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A view of North London by night from the London Eye. (Credit: Flickr @ Jean-Etienne Minh-Duy Poirrier http://www.flickr.com/photos/jepoirrier/)
A view of North London by night from the London Eye. (Credit: Flickr @ Jean-Etienne Minh-Duy Poirrier http://www.flickr.com/photos/jepoirrier/)

Average total household energy consumption in England and Wales decreased by 24.7% from 2005 to 2011, according to a report released by the UK’s Office for National Statistics. Among the reasons for this decline in energy use, the report lists improved energy efficiency due to household improvements, introduction of energy rating scales for properties, improved efficiency of gas boilers, increase in public awareness of environmental issues and last but not least, increased gas and electricity prices.

Change in average household energy consumption in local areas 2005-11. (Source: Energy and Climate Change). Click to enlarge.
Change in average household energy consumption in local areas 2005-11. (Source: Energy and Climate Change). Click to enlarge.

Average household energy consumption in England and Wales decreased 24.7% between 2005 and 2011, from 26.2 megawatt hours (mW·h) in 2005 to 19.7 mW·h in 2011. Within England and Wales, the East Midlands had the highest household energy consumption for every year in the period, but this decreased 29.4% from 39.0 mW·h per household in 2005 to 27.5 mW·h in 2011.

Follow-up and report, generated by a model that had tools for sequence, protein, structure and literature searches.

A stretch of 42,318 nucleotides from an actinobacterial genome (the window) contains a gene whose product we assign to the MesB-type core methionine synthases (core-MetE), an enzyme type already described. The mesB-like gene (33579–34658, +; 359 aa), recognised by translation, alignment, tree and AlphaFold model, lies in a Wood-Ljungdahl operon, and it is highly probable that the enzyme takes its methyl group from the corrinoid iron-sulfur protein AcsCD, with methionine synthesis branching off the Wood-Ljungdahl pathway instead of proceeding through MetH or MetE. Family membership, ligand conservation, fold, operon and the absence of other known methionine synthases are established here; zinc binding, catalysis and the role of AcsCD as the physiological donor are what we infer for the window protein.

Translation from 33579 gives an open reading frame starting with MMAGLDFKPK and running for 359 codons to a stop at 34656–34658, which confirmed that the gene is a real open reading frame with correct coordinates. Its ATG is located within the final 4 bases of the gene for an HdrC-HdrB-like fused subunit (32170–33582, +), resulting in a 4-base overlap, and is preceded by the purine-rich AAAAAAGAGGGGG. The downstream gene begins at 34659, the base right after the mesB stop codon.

The East Midlands had the largest decrease in absolute terms (11.5 mW·h) but the West Midlands had the largest decrease in percentage terms at 30.0% (a fall from 29.0 mW·h to 20.3 mW·h).

Over the seven year period, the South West had the lowest average household energy consumption for five of these years. The only two years when the South West did not record the lowest energy consumption were 2005 and 2011, when Wales had the lowest energy consumption per household.

The data used in the analysis, however, did not include the amount of energy from wood, heating oil or other sources consumed domestically and so the total energy consumption of households may underestimate the true amount of total domestic energy consumed. According to 2011 Census data, the percentage of households in England and Wales that used heating oil, wood or other sources of energy to provide central heating was 6.4%. Wales had the highest proportion of households that used these other sources of energy (11.5%) and the North West had the lowest (3.5%).

It is interesting to note that, while according to the EIA average energy use per person in the United States declines from 2011 to 2040, the use of electricity in the residential sector is growing.